Hey, don’t take my word for it.

From a guy who says this – “March Madness is quite simply the gold standard to which all other American team-sport postseasons are held. (Ask college football.)”comes this:

All postseasons expand; authentically exciting postseasons expand exponentially
The college basketball Story of the Decade has clearly been this month’s discussion of expanding the NCAA tournament field to 96 teams. Whether the final number turns out to be 96 or 128 or something else, I think it’s next to inevitable that the field will indeed grow. Networks love postseason sports because they draw large DVR-impervious and demographically-attractive audiences. The more hours of this content the networks (old-school or cable) can get the happier they are, and Major League Baseball, the NFL, and the NBA have all been delighted to inflate their postseasons accordingly over the past two decades. Now it’s the NCAA’s turn, and when a primal force of sports-business nature like this is combined with a warm and fuzzy but no less true statement like “it will mean more mid-majors get in,” resistance is futile. Watch.

And this:

… By late afternoon the expected sound bite from NCAA senior vice president Greg Shaheen had arrived: “Nothing is a done deal.” Shaheen also said that his organization is merely conducting “due diligence” and that the NCAA has to “look at what our membership wants.”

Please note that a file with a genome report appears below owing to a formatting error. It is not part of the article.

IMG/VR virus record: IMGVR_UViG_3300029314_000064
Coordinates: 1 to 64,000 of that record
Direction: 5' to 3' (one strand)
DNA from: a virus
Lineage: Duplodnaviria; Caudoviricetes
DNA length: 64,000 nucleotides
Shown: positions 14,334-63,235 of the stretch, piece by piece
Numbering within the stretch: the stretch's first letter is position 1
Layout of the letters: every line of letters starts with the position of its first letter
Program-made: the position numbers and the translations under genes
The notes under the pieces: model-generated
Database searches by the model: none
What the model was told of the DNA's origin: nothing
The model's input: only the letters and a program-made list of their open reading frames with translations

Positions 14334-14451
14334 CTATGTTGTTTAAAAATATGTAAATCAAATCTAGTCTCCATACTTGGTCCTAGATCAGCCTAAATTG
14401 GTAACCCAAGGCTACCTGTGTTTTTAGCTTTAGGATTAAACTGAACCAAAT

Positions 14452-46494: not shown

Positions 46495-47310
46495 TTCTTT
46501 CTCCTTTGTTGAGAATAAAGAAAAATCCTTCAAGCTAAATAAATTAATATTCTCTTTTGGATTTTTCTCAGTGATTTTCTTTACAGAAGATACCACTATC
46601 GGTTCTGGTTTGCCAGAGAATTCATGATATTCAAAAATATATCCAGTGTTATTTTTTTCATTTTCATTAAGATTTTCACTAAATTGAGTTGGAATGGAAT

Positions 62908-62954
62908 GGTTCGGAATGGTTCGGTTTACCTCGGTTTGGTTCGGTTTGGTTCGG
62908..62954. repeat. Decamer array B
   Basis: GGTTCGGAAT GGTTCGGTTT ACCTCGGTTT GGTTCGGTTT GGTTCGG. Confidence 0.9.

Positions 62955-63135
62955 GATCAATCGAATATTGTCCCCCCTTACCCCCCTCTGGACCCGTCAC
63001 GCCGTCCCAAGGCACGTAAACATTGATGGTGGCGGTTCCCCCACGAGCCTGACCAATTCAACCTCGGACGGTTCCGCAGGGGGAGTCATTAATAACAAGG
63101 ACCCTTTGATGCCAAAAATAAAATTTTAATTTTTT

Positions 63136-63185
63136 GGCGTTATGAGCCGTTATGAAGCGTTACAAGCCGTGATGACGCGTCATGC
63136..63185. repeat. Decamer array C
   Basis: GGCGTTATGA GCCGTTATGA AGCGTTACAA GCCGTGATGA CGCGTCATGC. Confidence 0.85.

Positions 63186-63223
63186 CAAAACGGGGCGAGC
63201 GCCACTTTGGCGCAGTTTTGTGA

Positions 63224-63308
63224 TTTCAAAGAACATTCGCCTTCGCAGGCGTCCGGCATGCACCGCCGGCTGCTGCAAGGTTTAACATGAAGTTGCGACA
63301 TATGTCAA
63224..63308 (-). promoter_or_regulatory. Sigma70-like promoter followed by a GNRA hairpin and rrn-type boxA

What the NCAA’s membership wants is more teams getting into the tournament and more money in their pockets. Expanding the field satisfies both wants. Due diligence requires looking at all contingencies, but if Ourand and Smith are correct none of the scenarios that the NCAA is currently reviewing involve what is usually the baseline course of action, the status quo…

And this, too:

… Expanding the field to 96 teams means I’ll be watching along with even more of those strange beings known as casual fans, interlopers from no fewer than 31 additional universities who will suddenly be much more interested in the tournament. If the NCAA and, more importantly, the networks thought for a moment that yesterday’s outrage might actually translate into reduced viewership, this idea would be dead on arrival. But they don’t think that’s true, and history backs them up. Since the NCAA tournament went to a 64-team format in 1985, the other American team sports have expanded their postseasons to find that viewers, for all their churlish talk of ”devaluing the regular season,” are there waiting for them in force and ready to watch ads when championships are at stake.

What to take from this?

  1. TV drives the postseason more than any other force known to man, blogger or commenter.
  2. The NCAA is just as money hungry as the next organization.  Maybe more so than the BCS conferences, because it has more mouths to feed.
  3. The postseason – any postseason –  grows for one primary reason, and it ain’t “settling it on the field”.